The short story "Everyday Use" by Alice Walker is told in first person by a poor African American woman who has two daughters. The younger one, Maggie, lives with her. Maggie is simple-minded, shy, self-conscious, and scarred on her arms and legs by a fire that burned down...
The short story "Everyday Use" by Alice Walker is told in first person by a poor African American woman who has two daughters. The younger one, Maggie, lives with her. Maggie is simple-minded, shy, self-conscious, and scarred on her arms and legs by a fire that burned down a house they used to live in.
The older daughter, Dee, is very different from Maggie. She is attractive, intelligent, outspoken, and has managed to overcome her background to become educated and move away from her humble family home.
The story concerns a visit Dee makes to Mama and Maggie. She arrives in a car with a man who may be her boyfriend or her husband. She has obviously gone through a profound change. She is dressed in flamboyant clothes and announces that she has changed her name, saying, "I couldn't bear it any longer, being named after the people who oppress me." Mama tries to explain that Dee is named after several generations of ancestors, but Dee doesn't really grasp it.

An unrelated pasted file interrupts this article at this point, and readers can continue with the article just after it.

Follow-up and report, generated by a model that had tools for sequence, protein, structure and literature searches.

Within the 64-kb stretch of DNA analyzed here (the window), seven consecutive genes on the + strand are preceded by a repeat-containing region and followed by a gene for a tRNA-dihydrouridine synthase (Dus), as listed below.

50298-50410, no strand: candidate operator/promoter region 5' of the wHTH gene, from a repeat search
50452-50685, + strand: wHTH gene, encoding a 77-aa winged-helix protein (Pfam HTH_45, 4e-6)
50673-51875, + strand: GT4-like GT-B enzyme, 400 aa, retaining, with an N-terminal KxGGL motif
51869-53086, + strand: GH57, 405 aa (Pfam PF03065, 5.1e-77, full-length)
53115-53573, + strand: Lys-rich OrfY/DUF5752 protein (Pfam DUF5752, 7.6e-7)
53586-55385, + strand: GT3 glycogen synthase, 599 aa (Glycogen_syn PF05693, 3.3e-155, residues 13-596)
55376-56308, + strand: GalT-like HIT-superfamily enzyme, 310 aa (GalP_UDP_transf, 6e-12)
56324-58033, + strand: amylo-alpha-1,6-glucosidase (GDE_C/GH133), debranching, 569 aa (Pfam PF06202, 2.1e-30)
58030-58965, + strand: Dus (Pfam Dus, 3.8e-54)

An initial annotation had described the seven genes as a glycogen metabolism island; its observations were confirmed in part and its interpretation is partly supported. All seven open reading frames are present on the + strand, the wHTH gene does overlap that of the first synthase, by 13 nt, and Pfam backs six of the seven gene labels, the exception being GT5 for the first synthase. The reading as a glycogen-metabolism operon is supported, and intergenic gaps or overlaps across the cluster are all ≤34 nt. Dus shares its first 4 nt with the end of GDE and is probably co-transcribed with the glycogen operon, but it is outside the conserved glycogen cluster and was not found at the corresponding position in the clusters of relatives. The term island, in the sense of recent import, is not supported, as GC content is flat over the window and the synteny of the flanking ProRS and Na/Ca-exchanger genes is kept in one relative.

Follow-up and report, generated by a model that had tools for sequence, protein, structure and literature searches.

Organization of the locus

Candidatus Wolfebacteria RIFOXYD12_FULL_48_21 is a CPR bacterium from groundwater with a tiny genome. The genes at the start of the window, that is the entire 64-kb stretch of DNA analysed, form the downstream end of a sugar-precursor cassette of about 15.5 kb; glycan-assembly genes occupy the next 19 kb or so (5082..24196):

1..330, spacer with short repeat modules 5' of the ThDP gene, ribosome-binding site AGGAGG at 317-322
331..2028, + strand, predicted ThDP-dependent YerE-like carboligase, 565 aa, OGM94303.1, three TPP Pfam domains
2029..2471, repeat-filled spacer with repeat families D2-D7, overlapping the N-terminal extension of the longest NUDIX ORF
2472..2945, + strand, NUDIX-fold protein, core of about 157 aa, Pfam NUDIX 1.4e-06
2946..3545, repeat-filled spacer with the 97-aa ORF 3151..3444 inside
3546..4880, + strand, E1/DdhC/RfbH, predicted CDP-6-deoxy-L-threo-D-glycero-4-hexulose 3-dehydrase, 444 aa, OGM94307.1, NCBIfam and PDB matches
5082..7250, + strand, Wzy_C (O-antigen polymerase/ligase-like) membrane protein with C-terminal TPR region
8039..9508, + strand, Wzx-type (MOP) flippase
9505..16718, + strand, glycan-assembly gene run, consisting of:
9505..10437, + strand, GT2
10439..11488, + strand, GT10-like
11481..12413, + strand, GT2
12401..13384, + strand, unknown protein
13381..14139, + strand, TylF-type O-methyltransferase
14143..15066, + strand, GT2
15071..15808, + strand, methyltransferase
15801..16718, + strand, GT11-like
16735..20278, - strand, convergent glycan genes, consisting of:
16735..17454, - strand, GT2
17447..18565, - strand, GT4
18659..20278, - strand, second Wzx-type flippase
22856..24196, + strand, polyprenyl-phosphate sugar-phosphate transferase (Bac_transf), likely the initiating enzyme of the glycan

We see, then, that there is a great contrast between the simplicity of Mama and Maggie's lifestyles and the more complex and sophisticated outlook of Dee and the man she has brought with her.
When it comes to the family's possessions, the contrast becomes even greater. Dee begins to admire several things that she sees around the house, including the top of a butter churn, a dasher, and some old quilts. To Dee, these items have ornamental value. She wants to put them on display around her house like decorations. In contrast, to Mama and Maggie, these things are for "everyday use." In other words, they are not just to be looked at but rather used to complete their daily chores or, in the case of the quilts, to keep them warm at night.
Dee becomes upset when Mama says she promised Maggie the quilts, because Maggie will use them on a bed rather than hang them up as decorations. By advancing in social and economic status, she has lost the perspective that Mama and Maggie have of seeing possessions for their practical, everyday value.